Do you remember when you were younger, and information seeped into your brain like a sponge? Seemingly endless amounts of facts, trivia, formulas, data, and information permeated your little brain, and yet somehow, it all stayed in there. As adults, we do not seem to possess the same mental absorption that our younger counterparts took for granted. As we age, the way we learn and retain information (like many other things) undergoes a dramatic shift.
Observe two different adults in a private guitar lesson:
Meet Bob. He tried to play piano as a kid and gave up. Now, he’s back because he wants to prove to himself that he can learn to play music. As the lesson progresses, Bob tries to achieve the goals set in front of him, pausing for frustration, judgment, and various other forms of neuroses. He doesn’t understand why he’s having trouble, and assumes that no one else has these problems, berating himself silently for struggling.
Meet Sue. Sue had a similar experience as Bob, playing piano as a young girl but eventually quitting. Sue’s progress during guitar lessons is extremely slow due to an overwhelming lack of confidence. She moves very slowly and methodically, being very careful not to make any mistakes. By limiting her mistakes and not taking chances, Sue believes she can prevent failing altogether.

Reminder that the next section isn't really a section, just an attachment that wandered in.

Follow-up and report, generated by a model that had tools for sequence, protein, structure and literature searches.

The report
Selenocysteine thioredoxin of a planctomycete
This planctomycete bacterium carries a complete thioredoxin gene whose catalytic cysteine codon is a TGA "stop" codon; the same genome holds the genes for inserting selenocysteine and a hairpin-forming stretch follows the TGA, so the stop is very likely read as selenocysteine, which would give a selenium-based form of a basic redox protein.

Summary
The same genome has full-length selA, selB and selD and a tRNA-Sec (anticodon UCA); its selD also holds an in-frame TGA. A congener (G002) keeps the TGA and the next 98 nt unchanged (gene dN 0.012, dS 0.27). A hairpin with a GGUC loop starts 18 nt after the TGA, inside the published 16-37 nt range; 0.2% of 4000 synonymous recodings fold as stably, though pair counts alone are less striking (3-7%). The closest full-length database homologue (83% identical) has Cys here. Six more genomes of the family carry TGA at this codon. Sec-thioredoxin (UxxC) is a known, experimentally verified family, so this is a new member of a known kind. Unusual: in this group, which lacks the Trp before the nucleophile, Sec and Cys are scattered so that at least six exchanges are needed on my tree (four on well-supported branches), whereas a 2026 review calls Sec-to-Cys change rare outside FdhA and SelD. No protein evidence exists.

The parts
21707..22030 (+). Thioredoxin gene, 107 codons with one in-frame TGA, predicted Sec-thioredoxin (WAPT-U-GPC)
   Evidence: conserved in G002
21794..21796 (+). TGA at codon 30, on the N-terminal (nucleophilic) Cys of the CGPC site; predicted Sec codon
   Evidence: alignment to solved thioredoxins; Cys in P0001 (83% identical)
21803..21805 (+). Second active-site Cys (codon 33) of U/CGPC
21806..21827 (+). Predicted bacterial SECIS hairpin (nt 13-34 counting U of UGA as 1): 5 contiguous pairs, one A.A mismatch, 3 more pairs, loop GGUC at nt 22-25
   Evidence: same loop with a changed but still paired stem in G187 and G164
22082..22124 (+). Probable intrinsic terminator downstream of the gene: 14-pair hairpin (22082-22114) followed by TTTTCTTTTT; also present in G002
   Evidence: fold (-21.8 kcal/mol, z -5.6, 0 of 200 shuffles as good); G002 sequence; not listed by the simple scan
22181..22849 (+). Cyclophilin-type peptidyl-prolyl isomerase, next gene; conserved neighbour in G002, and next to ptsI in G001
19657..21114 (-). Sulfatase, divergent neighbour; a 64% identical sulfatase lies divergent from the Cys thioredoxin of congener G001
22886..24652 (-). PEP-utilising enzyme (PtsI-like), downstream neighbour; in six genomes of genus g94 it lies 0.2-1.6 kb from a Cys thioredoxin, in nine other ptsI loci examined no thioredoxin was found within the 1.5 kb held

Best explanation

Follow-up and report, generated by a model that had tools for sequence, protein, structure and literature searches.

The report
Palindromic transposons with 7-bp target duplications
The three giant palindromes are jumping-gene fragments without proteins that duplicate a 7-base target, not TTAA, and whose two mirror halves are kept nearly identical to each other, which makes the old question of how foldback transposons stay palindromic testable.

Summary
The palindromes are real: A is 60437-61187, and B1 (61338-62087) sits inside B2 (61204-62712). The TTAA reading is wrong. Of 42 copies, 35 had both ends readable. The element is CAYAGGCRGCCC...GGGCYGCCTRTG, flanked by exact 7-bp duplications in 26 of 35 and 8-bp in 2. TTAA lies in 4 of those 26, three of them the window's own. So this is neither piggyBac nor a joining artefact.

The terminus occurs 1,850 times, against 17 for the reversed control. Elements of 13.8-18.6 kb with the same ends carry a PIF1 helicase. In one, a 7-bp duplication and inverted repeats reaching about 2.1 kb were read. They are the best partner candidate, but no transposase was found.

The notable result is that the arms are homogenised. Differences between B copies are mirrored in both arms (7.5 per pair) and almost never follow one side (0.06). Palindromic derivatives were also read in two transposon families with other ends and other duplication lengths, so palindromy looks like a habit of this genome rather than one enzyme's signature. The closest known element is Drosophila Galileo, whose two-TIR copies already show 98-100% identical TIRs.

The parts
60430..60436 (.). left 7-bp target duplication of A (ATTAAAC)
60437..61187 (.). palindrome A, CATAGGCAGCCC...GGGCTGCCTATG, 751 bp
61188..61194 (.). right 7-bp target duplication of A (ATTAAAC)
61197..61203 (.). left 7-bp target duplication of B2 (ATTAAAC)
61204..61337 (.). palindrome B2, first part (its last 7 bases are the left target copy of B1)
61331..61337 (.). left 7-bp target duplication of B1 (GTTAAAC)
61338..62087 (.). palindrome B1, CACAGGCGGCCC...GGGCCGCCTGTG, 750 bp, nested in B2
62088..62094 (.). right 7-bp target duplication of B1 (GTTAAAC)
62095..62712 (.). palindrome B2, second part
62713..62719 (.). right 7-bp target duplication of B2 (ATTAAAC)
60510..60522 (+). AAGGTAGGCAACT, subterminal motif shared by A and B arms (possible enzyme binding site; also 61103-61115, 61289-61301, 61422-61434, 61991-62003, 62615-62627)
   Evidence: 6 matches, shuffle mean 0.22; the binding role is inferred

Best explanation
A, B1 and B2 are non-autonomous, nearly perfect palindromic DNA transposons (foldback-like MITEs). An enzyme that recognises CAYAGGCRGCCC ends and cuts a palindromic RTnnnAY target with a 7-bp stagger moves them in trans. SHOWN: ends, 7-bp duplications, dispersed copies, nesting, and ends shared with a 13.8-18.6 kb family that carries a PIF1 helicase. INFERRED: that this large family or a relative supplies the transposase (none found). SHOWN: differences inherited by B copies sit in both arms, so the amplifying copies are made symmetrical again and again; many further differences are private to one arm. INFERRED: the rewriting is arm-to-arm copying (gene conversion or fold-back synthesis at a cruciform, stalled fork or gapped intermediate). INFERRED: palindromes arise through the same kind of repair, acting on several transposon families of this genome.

Now meet Eric. Eric is an 8-year old boy who loves cars, dinosaurs, and guitar. During his guitar lessons, he has no fear of failure, no self-judgment, and his frustrations ignite problem-solving skills, not shame. He will play until he hits a mistake, and then try 13 different ways to proceed until he doesn’t make that mistake. In short, he will work his way through a wall rather than assuming the wall is too strong for him (like Bob) or trying to go around or avoid the wall (like Sue). This is one of the crucial differences in learning experiences with children and adults. Children have to solve physical challenges. Adults have to solve mental challenges. Of the two options, the physical challenges are much, much easier to solve.
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